People who don’t like reading

The Economist has a brief, interesting story about improving reading levels among British school children through a new plan that offers six-year-olds four months of everyday 30-minute one-on-one reading sessions.

At more than £2,000 ($3,900) per pupil, Reading Recovery is not cheap. But it may be a sound investment. The KPMG Foundation, a charity that has been paying for Reading Recovery in some schools, reckons that each child who leaves primary school unable to read will go on to cost the taxpayer at least £50,000 in specialist teaching in secondary schools, dealing with truancy, paying benefits to adults who are more likely to be sick and jobless, and the fall-out from increased crime.

The most interesting passage, however, comes at the end of the article:

International research tends to find that by the time British children leave primary school they are reading well by international standards, but read less often for fun than those elsewhere. Tellingly, the inspectors said that when they asked why it is good to be able to read, children were more likely to say that it would help them to do well in tests or get a good job than that reading was enjoyable.

This matters not only because children who are keen on reading can look forward to lifelong pleasure, but because loving books is an excellent predictor of future educational success. According to the OECD, being a regular and enthusiastic reader is more of an advantage than having well-educated parents in good jobs.

If we had a sure-fire way for teaching people to enjoy reading, it wouldn’t be such a big problem, of course. I came to love reading largely thanks to a couple teachers I had in high school, though I believe the general trend is for people to become readers readers in early childhood because they grow up with parents who read in a household filled with books. The other model for becoming a reader that Stanford’s Shirley Brice Heath identified is that of the social isolate, who finds the world somehow inadequate and seeks refuge and greater experience in books. I definitely fall into this latter category, and find myself a little embarrassed to admit that when I was 12, reading was probably the least cool thing you could do.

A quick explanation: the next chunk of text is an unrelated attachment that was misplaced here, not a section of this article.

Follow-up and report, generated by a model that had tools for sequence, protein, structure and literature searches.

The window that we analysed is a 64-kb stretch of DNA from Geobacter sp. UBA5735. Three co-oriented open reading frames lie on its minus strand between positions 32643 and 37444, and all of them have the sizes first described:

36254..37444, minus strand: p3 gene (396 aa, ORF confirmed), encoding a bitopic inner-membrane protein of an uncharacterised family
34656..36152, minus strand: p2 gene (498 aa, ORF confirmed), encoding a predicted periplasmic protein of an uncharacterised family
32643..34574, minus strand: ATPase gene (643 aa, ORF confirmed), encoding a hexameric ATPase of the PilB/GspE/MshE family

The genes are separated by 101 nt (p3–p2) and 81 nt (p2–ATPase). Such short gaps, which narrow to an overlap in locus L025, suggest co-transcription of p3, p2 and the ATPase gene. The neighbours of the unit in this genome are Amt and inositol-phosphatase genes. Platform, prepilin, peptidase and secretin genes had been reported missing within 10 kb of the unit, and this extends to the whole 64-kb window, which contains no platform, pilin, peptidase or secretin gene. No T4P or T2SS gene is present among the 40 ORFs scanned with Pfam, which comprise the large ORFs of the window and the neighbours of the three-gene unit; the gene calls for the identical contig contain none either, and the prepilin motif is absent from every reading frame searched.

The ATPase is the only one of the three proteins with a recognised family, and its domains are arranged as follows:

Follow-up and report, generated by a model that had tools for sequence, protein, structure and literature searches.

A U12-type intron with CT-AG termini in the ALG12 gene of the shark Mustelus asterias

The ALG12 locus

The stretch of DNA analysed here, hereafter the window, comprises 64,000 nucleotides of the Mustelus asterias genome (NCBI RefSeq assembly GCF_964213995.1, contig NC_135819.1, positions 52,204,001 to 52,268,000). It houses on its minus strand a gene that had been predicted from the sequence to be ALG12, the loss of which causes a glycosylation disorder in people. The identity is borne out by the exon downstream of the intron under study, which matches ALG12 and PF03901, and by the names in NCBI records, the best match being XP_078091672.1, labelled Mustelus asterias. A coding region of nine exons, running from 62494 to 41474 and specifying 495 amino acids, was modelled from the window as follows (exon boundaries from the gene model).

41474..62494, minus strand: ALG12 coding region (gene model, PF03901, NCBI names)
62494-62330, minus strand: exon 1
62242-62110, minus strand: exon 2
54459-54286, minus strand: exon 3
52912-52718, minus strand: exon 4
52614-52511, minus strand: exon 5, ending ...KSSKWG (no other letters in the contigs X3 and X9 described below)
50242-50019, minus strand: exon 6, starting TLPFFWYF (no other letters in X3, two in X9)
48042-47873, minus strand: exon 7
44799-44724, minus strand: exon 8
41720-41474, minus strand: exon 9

Anyhow, the point I would like to make is the sense that reading is only good for utilitarian purposes–a means to an end–is a significant problem with education in America today. I remember how frustrated I was, even at a young age (ten, eleven) when teachers would justify their assignments and materials by saying that it would prepare their classes for next year. In middle school, everything was designed to prepare students for high school. In high school, everything touted as preparation for college. In college, I was disgusted by students who were obsessed with preparing themselves for careers. Preparation is fine and all, but what our educational system fails to instill and develop in students is a love for learning simply for the sake of learning. And what you end up with is population of adults that doesn’t read or learn at all unless the material is going to get them a raise, which seems okay on the surface but, when you think about it, basically crushes all creativity and innovation that inevitably comes from having a wide background of knowledge.

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